This article is written by Victoria Kent, Investment Specialist at Elevate Super
What has Bitcoin got to do with the environment?
If you are one of the 62.5 million people that follow Elon Musk on Twitter, you would know that he likes to tweet about crypto currencies, often causing their prices to soar.
Back in February of this year, Tesla revealed it had bought $1.5bn of bitcoin and would accept it as a payment method. However two months later, they reversed their position with Musk tweeting that cryptocurrency could “not come at a great cost to the environment”.
This got many people asking: what has Bitcoin, a crypto asset, got to do with the environment? How can one digital currency have a carbon footprint large enough to make Tesla remove it as a payment method?
Energy efficiency of inherent computational process
In a nutshell, Bitcoin’s carbon intensity stems from how it’s calculated. Bitcoin relies on a ‘proof of work’ (PoW) system that involves a huge amount of calculations (and, thus, processing power) to produce a single token. You may have heard this described as “mining”.
Other cryptocurrencies use a ‘proof of storage’ or ‘proof of stake’ (PoS) system instead, which consume far less energy. Block lattice is an example of another energy-efficient technology, which doesn’t require mining.
Even Elon Musk’s favourite Dogecoin is more energy efficient than a pure PoW protocol such as Bitcoin’s SHA-256 mining algorithm, but not as energy efficient as a proof of storage protocol or similar.
Volume and price matter
One cannot ignore the importance of market dynamics when it comes to the energy consumption of cryptocurrencies. Many, much smaller cryptocurrencies, naturally have a far lower carbon footprint, since they incur far fewer daily transactions compared to Bitcoin.
Market price slides and crashes can also affect energy consumption, as it can lead to miners slowing down or turning off their devices – it’s not profitable to run the machines at certain prices.
When it comes to the sustainability of cryptocurrencies, energy efficiency is just one part of the equation. It’s also important to consider whether the currency itself supports environmental initiatives, is involved in carbon offsetting or reductions, or other environmentally-conscious endeavours.
Examples of ‘greener’ cryptocurrencies
A novel approach to cryptocurrency, they create 1 SolarCoin for every megawatt hour generated from solar technology.
Founded in response to the environmental impact of Bitcoin, it’s a community-driven initiative using a low-energy proof of stake algorithm. Linked to BitGreen Foundation ¬– a non-profit overseeing the maintenance of the BitGreen project.
Looking beyond energy efficiency, how else can cryptocurrencies demonstrate sustainability? Let’s explore this via the technology behind crypto – blockchain.
The power of blockchain
Blockchain technology has tremendous potential to tackle the Sustainable Development Goals (SDG). It can help:
- support financial inclusion
- improve aid effectiveness
- power supply chain transparency to enable consumers to consume and produce responsibly, and
- provide legal identity for those without it.
The ability for blockchain to act as an immutable ledger (one that can’t be changed) is beneficial to those who can’t access facilities that register property ownership, or where those facilities have been destroyed in a natural disaster.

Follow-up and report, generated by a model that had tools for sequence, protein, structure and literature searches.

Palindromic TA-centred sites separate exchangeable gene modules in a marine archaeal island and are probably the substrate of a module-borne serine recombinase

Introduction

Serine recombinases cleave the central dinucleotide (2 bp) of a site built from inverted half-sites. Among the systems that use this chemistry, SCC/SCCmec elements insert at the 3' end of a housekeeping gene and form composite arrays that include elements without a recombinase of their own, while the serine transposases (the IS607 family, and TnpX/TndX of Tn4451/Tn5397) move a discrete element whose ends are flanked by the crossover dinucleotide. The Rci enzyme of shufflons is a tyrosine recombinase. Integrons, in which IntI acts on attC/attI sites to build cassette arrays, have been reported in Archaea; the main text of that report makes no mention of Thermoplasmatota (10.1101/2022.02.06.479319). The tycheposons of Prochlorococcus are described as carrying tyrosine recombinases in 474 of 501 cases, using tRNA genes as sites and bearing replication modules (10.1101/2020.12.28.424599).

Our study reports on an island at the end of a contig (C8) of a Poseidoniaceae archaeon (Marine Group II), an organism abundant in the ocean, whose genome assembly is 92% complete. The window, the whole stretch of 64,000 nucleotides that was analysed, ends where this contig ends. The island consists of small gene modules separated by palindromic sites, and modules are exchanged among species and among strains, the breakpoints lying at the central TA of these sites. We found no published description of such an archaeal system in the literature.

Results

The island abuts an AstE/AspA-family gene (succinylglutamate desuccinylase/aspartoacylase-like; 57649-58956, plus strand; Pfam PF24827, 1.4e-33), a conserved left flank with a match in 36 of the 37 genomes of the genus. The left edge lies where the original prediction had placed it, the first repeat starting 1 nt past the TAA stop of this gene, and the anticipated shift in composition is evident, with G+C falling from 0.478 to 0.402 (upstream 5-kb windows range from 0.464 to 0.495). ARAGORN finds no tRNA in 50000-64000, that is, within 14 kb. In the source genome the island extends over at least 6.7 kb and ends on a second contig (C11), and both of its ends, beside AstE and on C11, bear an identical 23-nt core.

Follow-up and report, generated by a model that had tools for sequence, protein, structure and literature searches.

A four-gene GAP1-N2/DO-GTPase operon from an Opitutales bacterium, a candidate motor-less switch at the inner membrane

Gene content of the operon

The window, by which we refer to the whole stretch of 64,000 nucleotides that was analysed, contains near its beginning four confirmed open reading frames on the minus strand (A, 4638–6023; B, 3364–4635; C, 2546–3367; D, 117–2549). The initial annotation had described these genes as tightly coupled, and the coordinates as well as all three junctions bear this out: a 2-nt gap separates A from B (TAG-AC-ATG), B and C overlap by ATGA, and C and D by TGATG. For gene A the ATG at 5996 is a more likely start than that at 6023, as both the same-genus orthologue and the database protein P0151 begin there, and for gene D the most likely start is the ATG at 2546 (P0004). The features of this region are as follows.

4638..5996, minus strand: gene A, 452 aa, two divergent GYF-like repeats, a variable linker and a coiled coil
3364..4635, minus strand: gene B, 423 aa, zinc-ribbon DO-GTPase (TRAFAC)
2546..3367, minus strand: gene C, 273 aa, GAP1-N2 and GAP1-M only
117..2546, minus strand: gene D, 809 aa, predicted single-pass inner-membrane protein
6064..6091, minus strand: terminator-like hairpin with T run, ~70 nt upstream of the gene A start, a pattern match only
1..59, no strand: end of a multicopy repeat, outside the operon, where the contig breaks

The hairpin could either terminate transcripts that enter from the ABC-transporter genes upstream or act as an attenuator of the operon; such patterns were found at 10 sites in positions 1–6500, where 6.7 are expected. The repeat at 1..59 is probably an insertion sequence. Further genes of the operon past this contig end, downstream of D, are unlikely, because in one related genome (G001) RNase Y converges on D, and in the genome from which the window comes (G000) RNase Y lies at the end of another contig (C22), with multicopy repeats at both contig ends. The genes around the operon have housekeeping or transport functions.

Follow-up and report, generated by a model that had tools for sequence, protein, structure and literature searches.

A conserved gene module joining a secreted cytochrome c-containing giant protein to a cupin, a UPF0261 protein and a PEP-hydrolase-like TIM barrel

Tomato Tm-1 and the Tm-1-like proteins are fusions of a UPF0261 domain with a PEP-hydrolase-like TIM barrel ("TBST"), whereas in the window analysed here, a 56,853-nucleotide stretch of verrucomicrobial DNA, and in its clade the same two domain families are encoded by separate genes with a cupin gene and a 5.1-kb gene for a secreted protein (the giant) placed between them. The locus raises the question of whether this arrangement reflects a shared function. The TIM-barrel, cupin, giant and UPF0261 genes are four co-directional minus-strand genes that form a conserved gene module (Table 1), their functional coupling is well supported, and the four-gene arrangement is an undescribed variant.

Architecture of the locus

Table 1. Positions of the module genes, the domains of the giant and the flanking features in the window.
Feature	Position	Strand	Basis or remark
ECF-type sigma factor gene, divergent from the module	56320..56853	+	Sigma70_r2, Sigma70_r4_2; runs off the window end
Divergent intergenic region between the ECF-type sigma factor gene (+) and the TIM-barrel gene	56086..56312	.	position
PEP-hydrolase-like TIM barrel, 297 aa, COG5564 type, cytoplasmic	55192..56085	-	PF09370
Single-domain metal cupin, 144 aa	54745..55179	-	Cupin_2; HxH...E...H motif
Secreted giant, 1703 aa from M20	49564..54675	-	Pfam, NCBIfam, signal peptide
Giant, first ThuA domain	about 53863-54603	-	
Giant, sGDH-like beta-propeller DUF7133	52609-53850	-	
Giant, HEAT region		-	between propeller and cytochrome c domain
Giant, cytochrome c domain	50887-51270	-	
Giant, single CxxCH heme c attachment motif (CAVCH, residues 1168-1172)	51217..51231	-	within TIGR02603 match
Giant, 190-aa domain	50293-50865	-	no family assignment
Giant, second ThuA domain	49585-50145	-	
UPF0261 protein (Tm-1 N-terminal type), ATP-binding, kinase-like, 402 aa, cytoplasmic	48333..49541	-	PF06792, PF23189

In a crisis or extreme poverty situation, moving away from danger and accessing aid, healthcare, and legal protection is extremely difficult without proof of identity.
Blockchain can assist ID-less people such as refugees or migrants in transit, and make receiving aid more efficient and dignified. It creates a universal and irrefutable digital identity, enabling people access to essential and potentially life-saving services around the world.
Despite the potential for blockchain to be used for good, it is the most marginalized, poor, rural populations, and the displaced who are the least likely to have access to reliable internet connections.
Read about the many blockchain-powered SDG projects here.
About Elevate Super
Elevate Super is a retail super fund, powered by successful fintech AtlasTrend. AtlasTrend was created in 2015 to build a new investment service to help our customers learn and invest with purpose in long term world trends. At Elevate Super, we believe you shouldn’t have to give up competitive financial returns to do good.
We assess and measure investments based on their long-term growth fundamentals plus positive contribution to the UN Sustainable Development Goals (SDGs) – a global blueprint for balancing our economic, social and environmental needs.
Elevate Super is a sub plan of the Aracon Superannuation Fund (ABN 40 586 548 205) (Fund) issued by Equity Trustees Superannuation Limited (ABN 50 055 641 757, AFS Licence No. 229757, RSE Licence No. L0001458) (Equity Trustees). AtlasTrend Pty Ltd (ABN 83 605 565 491) is the promoter of Elevate Super and an AFSL Corporate Authorised Representative (No. 001233660) of Fundhost Limited (AFSL 233045) (Fundhost) and Havana Financial Services Pty Ltd (AFSL 500435) (Havana). This communication contains general advice only and does not take into consideration your personal objectives, financial situation or needs. None of the information provided is, or should be considered to be, personal financial advice. The information provided in this communication is believed to be accurate at the time of writing. None of AtlasTrend, Equity Trustees, Havana, Fundhost or their related entities nor their respective officers and agents accept responsibility for any inaccuracy in, or any actions taken in reliance upon the general advice provided. A copy of AtlasTrend’s financial services guide can be found at www.atlastrend.com/fsg.
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